The fragment of the rocket, which is supposed to fall on the far side of the moon on March 4, does not belong to China. This was stated by the representative of the Chinese Ministry of Foreign Affairs Wang Wenbin, answering a question from Associated Press.
"According to Chinese observation, the upper stage of the rocket belonging to the Chang'e-5T1 mission entered the atmosphere and burned up completely," the official said.
Earlier, the news that the Falcon 9 rocket stage (as it was then believed) would fall on the moon on March 4 caused a strong reaction around the world. SpaceX has been criticized by the media for failing to properly dispose of its second stage rocket after the launch of the DSCOVR mission.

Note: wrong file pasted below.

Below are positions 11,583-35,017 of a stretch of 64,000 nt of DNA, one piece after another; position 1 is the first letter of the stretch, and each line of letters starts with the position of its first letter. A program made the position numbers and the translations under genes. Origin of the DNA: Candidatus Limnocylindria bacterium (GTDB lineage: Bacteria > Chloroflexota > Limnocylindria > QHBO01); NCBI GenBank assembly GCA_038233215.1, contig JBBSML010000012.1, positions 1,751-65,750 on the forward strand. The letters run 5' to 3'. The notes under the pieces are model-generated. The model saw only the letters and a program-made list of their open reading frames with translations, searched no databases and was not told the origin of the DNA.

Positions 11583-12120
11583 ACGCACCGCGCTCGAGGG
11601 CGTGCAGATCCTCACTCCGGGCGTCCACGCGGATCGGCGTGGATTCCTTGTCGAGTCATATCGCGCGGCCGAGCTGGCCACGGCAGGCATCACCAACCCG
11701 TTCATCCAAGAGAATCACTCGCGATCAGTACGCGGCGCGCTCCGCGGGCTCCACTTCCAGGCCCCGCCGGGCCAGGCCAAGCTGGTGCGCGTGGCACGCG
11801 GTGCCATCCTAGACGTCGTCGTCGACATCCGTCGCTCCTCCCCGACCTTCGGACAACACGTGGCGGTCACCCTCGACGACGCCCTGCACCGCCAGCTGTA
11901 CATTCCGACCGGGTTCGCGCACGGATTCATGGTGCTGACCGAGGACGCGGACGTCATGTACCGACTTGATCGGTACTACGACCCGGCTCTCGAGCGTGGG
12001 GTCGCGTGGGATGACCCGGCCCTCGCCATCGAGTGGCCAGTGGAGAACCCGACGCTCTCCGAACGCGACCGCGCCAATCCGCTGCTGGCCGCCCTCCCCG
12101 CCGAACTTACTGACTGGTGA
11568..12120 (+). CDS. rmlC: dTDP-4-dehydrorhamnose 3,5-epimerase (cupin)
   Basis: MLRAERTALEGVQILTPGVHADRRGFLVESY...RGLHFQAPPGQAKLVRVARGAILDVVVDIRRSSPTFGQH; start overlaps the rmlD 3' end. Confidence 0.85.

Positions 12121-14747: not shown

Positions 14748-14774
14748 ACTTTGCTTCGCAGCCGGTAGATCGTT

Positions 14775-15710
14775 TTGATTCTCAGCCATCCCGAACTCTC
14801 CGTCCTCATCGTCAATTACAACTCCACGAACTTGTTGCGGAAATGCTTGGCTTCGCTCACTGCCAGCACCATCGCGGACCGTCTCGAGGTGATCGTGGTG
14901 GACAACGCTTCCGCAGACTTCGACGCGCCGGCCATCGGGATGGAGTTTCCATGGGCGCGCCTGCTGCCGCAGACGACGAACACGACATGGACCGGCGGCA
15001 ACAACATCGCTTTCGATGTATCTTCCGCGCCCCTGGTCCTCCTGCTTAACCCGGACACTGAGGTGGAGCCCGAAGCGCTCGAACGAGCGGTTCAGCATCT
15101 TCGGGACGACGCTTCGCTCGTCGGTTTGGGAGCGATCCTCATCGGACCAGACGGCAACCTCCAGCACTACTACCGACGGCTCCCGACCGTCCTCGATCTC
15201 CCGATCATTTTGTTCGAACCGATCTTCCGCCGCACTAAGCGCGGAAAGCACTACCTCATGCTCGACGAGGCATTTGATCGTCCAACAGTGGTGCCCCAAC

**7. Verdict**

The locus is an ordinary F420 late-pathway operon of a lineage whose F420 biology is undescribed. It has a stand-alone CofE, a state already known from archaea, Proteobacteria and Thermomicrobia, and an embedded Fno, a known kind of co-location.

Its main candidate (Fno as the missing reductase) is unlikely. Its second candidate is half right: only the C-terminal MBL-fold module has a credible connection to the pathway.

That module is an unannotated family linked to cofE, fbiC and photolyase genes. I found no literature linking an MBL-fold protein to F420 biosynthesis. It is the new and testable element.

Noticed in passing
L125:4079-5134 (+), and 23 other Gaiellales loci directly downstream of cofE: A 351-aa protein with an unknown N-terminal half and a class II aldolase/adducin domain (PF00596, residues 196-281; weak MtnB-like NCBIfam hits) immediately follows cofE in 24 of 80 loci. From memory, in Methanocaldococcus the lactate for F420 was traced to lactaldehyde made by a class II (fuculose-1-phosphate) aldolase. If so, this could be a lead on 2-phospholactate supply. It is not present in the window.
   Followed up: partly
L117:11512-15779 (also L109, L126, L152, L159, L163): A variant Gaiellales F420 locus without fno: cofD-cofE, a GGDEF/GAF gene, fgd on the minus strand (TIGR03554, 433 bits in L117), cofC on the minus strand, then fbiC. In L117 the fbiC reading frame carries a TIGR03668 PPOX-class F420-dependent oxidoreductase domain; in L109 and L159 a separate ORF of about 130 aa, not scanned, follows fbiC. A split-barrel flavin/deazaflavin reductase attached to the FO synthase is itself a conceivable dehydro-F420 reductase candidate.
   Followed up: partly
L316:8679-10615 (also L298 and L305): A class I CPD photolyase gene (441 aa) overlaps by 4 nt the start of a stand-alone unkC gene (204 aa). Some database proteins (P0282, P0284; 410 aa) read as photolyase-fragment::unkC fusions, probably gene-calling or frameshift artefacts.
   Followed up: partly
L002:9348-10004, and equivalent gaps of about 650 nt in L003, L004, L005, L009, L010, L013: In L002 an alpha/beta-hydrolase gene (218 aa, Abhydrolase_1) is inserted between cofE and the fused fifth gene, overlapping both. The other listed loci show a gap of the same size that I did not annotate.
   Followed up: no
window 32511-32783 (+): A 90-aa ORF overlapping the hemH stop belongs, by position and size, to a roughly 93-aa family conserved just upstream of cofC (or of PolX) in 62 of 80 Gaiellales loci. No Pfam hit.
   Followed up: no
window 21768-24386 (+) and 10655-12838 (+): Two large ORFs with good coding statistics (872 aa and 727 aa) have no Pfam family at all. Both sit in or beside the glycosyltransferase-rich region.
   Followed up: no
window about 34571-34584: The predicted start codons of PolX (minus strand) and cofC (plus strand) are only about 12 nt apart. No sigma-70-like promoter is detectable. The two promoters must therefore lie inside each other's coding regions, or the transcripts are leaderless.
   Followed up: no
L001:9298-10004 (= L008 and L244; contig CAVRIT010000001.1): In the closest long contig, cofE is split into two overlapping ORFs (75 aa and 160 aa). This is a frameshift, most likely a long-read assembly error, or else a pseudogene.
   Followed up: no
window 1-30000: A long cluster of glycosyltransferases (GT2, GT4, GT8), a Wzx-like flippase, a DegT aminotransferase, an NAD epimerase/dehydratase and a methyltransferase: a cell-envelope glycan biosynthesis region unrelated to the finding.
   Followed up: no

Soon another candidate was found - the Chinese Chang'e-5T1, launched in October 2014 on a Long March 3C rocket as a preliminary test of a mission to return lunar samples. The launch time and lunar trajectory almost exactly match the orbit of an object that will collide with the Moon in March.
The object that should fall on the moon, as I wrote, was photographed from Earth by the founder of the Virtual Telescope Project, Gianluca Masi, using the 43-centimeter PlaneWave telescope in Rome, which he controlled remotely.